Free Market Medicare starting at age 75? You'd have to be crazy...

The message I'm getting from reading about all the brutally draconian health care plans floated by either conservative politicians or right wing think tanks is this; they either don't understand health care or would rather die (likely) than see their own government step in with a solution.

Behold a new embarrassing attempt to seem creditable on health care. Which is it; stay true to ideological purity or face the reality of a failed health care system? Ideology of course.

"The conservative Manhattan Institute fellow and Forbes columnist Avik Roy offered his own plan (Avikcare?) that would supplant the ACA. Roy's 68-page tome (PDF) lays out policies" that will blow your mind. The lesson we should take away from the following "solution" is this; conservatives are completely incapable of solving the health care crisis...like the rest of the world solved long ago. My answers are in bold
1. Gradually raise Medicare's eligibility age to 75. Is Avik f**king kidding. That keeps retired seniors in the private health care market longer, so they can pay higher and higher premiums, forcing them to blow through their life savings on insurance instead of travel. Breathtaking? Which means…

2. …Shift most Medicare and Medicaid enrollees onto the exchanges. Same answer from above. 

3. Repeal the individual mandate. This would allow freeloaders into the system again, raising health care costs to those who pay for insurance. Wow.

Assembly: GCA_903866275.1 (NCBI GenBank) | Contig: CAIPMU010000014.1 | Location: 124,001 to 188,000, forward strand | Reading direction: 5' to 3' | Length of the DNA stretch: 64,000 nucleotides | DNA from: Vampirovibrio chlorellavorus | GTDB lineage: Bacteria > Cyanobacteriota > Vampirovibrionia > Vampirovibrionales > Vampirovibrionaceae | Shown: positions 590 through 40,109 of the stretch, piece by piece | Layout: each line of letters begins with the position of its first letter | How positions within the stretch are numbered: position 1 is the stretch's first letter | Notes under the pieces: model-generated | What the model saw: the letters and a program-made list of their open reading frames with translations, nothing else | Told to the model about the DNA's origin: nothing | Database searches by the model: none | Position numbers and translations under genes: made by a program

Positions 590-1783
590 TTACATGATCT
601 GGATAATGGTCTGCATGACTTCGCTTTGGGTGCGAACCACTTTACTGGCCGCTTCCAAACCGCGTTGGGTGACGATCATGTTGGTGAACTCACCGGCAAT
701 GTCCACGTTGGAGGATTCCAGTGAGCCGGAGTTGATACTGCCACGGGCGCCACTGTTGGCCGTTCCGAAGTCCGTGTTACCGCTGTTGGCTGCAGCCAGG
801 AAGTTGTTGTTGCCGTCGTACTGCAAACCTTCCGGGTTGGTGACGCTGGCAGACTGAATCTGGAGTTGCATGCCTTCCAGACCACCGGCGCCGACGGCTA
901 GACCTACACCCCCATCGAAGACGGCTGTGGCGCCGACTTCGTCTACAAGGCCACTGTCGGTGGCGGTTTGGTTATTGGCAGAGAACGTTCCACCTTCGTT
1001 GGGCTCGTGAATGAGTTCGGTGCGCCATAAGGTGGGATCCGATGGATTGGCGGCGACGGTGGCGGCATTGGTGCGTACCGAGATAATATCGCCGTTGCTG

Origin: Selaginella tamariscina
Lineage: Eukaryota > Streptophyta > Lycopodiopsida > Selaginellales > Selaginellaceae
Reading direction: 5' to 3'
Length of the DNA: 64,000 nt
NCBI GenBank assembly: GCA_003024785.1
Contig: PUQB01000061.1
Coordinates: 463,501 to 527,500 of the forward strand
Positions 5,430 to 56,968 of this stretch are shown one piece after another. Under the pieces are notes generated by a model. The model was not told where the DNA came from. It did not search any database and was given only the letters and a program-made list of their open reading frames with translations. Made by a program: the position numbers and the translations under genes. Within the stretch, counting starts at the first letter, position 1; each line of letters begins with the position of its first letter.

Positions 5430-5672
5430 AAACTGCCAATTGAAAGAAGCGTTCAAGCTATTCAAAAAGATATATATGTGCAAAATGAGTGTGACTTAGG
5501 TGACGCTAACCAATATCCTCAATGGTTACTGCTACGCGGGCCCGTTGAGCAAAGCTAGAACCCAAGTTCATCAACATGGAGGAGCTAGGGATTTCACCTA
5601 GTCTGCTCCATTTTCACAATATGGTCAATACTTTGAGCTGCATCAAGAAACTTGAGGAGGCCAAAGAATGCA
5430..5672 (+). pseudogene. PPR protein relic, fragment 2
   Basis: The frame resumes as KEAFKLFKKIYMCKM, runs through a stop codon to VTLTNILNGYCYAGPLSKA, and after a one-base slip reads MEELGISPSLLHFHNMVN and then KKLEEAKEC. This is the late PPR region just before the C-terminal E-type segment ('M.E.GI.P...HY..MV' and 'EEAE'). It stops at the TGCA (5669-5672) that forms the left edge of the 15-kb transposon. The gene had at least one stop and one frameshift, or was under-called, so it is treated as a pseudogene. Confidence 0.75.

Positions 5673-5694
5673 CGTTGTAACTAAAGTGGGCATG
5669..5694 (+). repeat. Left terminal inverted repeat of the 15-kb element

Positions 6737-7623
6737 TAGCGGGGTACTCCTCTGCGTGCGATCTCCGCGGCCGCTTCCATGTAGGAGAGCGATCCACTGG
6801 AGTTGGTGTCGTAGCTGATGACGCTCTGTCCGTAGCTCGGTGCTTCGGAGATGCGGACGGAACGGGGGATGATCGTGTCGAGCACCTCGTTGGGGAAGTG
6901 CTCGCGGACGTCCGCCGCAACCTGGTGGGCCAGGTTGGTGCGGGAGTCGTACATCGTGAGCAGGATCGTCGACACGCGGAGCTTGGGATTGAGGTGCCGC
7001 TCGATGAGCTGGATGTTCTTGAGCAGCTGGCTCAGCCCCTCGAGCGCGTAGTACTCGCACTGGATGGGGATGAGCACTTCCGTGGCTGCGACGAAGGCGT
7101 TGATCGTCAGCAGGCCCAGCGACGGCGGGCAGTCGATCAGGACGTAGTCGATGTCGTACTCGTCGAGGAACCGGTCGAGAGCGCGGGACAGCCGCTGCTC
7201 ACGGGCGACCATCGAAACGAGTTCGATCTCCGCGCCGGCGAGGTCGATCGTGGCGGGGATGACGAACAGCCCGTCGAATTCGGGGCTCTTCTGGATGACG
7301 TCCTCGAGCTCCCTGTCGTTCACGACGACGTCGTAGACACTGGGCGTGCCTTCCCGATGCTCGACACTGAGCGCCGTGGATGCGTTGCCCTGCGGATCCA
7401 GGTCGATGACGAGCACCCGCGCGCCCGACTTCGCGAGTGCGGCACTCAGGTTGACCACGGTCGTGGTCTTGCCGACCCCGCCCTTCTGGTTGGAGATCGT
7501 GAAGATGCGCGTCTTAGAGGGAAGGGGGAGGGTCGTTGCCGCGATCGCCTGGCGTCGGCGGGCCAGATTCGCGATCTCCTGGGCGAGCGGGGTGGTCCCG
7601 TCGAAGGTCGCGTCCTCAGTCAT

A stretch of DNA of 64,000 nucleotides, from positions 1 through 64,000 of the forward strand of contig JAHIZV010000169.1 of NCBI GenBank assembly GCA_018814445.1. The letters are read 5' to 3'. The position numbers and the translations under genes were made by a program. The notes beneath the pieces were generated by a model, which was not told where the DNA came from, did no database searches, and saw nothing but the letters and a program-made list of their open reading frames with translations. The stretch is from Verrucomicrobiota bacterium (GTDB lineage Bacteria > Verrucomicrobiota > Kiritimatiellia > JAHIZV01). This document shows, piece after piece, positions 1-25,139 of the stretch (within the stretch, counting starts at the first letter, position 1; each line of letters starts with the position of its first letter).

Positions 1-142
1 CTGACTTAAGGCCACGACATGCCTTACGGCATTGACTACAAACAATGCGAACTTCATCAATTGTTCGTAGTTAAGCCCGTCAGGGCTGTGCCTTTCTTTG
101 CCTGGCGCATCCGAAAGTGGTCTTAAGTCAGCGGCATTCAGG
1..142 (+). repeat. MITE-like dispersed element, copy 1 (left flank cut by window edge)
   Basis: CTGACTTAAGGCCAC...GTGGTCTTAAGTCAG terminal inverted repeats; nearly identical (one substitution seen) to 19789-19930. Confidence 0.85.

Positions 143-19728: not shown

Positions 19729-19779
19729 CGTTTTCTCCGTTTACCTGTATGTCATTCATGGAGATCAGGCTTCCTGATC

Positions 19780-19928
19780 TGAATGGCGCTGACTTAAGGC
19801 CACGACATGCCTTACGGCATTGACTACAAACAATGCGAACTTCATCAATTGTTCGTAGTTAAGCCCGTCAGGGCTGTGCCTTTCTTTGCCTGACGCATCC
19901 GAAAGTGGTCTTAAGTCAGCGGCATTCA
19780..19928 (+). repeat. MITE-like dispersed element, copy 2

4. Replace the mandate and Obamacare's annual 3 month open enrollment with a 6 week open-enrollment period every 2 years, giving people a strong incentive. “Strong incentive” is conservative lingo for penalty, while being very coercive.

5. Federal premium subsidies would phase out at 317% of the federal poverty level instead of the current 400%. Cost-sharing subsidies would be converted to health savings account contributions. This would decrease the subsidies substantially for those approaching the cutoff point, making insurance unaffordable. When it comes to cost subsidies, this is just ridiculous busy work, since what's done automatically now would have to be manually take that money in their savings and pay down their premium anyway. 

6. Strips down exchange regulations so insurers can create plans that “are more attractive to consumers,” or those that are cheaper, but have fewer covered benefits. This is the creation of junk policies that pay for nothing. Everyone should see that I hope. It also straps customers with uncovered expenses all-the-while paying their monthly premiums to insurers.

7. Insurers would be allowed to charge older Americans premiums six times as high as younger people, compared with the current 3-1 differential. Wow, not a good deal for seniors, while lowering the cost for the young healthy invincible's. It creates two problems. 

8. Roy’s plan would save the government $8 trillion over 30 years and increase health coverage by 12.1 million people compared with ACA projections. Impossible for all the reasons above.

9. Roy's proposal almost certainly will not appeal to members of the tea party faction, which vehemently opposes any government involvement in healthcare. Yes, the tea party is a reckless, dangerous gathering of people who either don’t know health care history, or are incapable of learning from the past and are prone to repeat it. The free market will certainly leave the sick to die, like it did before the Affordable Care Act.

The Problem with the Press: The media will treat this like it’s a serious debatable plan, instead of the predictable nightmare anyone who reads this would see instantly.